Reviews Edinburgh Fringe 2017 Published 11 August 2017

Edinburgh Fringe Review: Offside at Pleasance Courtyard

Until 28th August 2017

Hannah Greenstreet reviews Futures Theatre’s passionate celebration of women’s football.

Hannah Greenstreet
Offside at Pleasance Courtyard, as part of the Edinburgh Fringe 2017.

Offside at Pleasance Courtyard, as part of the Edinburgh Fringe 2017.

How much do you know about women’s football? Did you know that women’s football was immensely popular in Britain during World War One? Did you know that women’s football games were banned by the FA from 1921 until 1971? Could you name the first black female football player in Britain? (Emma Clarke, who played in Scotland in the 1890s). Offside winningly dramatises the history of women’s football and celebrates the game then and now.

What I found most fascinating was learning how intertwined women’s football was with the campaign for women’s suffrage, conveyed through the green and purple Votes for Women banners that form the backdrop to Beth Oppenheim’s set design. Mickey (Tanya-Loretta Dee) and Keeley (Jessica Butcher), who are vying for a spot on the twenty-first century England team, are conscious of this feminist legacy and the responsibility it brings. They are connected to the women who played before them by their ‘footballing heroines’: Emma Clarke for Mickey, and Lily Parr, who scored over 1000 goals over her footballing career. In the present day strand of the play, Mickey and Keeley deal with intrusive media attention about their bodies, homophobia (Mickey), and caring responsibilities (Keeley).

The script, written by spoken-word artists Sabrina Mahfouz and Hollie McNish, is ingenuous and open-hearted, as the best spoken-word can be. However, spoken-word was not made use of much throughout the piece, only in a few rhyming monologues, which then seemed out of place in the texture of the rest of the play. I longed for a more sophisticated structure: Emma and Lily’s experiences of football in the 1890s and 1920s respectively are isolated by the monologues through which they are told. However, their stories are so interesting I would have liked to see them occupy full scenes. The structure of the play and the emphasis on the twenty-first century game almost seems the result of a pressure to make the play ‘relevant’, when it would be anyway.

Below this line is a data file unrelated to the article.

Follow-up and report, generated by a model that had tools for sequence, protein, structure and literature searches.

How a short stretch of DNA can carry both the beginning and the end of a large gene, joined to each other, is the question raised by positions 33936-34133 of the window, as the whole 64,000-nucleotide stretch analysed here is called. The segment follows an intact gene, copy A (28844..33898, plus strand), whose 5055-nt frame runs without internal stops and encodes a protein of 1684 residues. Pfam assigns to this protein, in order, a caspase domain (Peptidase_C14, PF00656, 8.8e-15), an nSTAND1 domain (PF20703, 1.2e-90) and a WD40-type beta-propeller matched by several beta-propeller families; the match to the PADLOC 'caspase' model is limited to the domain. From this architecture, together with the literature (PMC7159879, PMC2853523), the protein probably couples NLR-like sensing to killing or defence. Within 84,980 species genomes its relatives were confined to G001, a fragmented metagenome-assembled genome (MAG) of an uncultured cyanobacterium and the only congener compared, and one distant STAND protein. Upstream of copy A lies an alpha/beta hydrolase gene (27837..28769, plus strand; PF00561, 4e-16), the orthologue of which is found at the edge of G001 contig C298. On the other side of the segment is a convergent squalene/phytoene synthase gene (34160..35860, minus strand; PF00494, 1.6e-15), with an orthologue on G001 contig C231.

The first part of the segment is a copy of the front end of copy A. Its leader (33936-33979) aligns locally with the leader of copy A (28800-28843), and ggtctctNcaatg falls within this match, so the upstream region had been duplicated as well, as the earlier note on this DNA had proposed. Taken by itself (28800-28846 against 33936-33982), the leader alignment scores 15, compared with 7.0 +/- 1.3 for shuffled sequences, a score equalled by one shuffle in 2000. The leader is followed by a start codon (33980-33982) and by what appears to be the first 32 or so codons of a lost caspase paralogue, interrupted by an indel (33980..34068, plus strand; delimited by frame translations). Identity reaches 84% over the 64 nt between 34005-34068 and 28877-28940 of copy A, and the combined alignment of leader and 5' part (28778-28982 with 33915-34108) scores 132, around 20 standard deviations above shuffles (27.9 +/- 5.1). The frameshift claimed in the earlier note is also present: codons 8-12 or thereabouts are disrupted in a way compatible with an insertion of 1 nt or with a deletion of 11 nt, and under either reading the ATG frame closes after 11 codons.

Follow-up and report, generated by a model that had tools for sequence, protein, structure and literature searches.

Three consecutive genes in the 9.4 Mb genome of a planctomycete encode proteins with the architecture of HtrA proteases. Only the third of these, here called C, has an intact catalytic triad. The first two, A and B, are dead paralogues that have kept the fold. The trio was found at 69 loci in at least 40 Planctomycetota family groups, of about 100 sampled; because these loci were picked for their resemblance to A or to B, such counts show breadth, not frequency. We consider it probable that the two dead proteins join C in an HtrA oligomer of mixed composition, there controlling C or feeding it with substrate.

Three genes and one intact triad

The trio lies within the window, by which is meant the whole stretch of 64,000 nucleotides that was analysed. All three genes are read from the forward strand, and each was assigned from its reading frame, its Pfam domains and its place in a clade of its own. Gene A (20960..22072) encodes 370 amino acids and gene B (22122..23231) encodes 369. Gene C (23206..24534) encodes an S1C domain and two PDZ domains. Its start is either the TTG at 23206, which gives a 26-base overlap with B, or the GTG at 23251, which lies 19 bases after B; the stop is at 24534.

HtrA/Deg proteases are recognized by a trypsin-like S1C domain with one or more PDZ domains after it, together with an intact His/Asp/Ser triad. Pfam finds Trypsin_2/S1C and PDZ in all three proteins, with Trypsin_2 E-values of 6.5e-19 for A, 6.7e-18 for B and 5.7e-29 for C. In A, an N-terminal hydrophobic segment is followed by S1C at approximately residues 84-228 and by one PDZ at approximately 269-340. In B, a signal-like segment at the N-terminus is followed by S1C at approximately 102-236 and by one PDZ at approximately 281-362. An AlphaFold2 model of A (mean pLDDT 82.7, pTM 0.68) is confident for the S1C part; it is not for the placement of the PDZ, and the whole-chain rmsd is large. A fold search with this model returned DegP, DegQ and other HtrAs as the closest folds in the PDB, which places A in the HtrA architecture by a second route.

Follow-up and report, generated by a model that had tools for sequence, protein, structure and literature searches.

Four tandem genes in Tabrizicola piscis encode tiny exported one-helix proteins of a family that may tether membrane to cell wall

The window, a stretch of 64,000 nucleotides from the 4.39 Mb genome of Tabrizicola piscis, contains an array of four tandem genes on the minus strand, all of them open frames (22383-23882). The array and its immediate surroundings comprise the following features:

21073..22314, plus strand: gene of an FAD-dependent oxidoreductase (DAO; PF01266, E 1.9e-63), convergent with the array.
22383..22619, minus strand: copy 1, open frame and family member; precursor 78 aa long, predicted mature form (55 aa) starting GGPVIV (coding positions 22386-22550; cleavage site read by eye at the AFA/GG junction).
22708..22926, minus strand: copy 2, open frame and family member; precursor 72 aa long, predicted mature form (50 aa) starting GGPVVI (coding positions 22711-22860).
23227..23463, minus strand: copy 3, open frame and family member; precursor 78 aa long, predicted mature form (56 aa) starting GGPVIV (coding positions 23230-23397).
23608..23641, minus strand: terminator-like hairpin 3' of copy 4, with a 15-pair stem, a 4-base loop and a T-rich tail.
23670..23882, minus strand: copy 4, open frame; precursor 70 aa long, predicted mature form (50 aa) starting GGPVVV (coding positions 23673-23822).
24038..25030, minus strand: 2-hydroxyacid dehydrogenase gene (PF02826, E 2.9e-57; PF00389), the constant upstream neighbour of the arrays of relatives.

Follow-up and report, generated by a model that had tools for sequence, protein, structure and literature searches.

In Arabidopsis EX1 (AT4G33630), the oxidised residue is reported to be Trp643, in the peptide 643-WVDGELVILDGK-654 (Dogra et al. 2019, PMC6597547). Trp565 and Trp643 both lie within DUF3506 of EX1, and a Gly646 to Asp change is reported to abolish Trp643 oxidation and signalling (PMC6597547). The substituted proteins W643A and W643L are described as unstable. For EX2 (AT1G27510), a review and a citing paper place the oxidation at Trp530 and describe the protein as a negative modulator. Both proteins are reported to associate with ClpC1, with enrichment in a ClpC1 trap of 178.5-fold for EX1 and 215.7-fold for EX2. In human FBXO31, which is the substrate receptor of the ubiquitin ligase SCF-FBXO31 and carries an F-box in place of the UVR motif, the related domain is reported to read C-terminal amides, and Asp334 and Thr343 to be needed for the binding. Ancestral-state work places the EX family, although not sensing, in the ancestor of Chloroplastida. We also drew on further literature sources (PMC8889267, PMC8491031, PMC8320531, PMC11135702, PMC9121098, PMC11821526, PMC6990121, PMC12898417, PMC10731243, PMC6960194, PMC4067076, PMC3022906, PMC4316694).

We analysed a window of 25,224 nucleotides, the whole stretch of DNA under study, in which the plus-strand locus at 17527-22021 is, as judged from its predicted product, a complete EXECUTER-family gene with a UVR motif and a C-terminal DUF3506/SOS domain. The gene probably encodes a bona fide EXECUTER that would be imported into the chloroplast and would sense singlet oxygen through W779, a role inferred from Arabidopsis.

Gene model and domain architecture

Nonetheless, Offside is an antidote to cynicism (and Fringe theatre fatigue), in its passionate celebration of women’s football and message of female empowerment. ‘When I play football, I sweat’, the actors intone, as a montage of women and girls playing football is projected onto the suffragette banners. Football fan or not, the passion of the script and performances is catching.

Offside is on at Pleasance Courtyard until 28th August. Click here for more details. 


Hannah Greenstreet

Hannah is a writer, academic and theatre critic. She is London Reviews co-Editor for Exeunt, with a focus on fringe and Off-West End theatre. She has a PhD in contemporary feminist theatre and form from the University of Oxford and is now a lecturer at the University of Liverpool. She is also a playwright and has worked with Camden People's Theatre, Soho Writers' Lab, the North Wall Arts Centre, and Menagerie Theatre Company.

Edinburgh Fringe Review: Offside at Pleasance Courtyard Show Info

Directed by Caroline Bryant

Written by Sabrina Mahfouz and Hollie McNish

Cast includes Jessica Butcher, Tanya-Loretta Dee and Daphne Kouma



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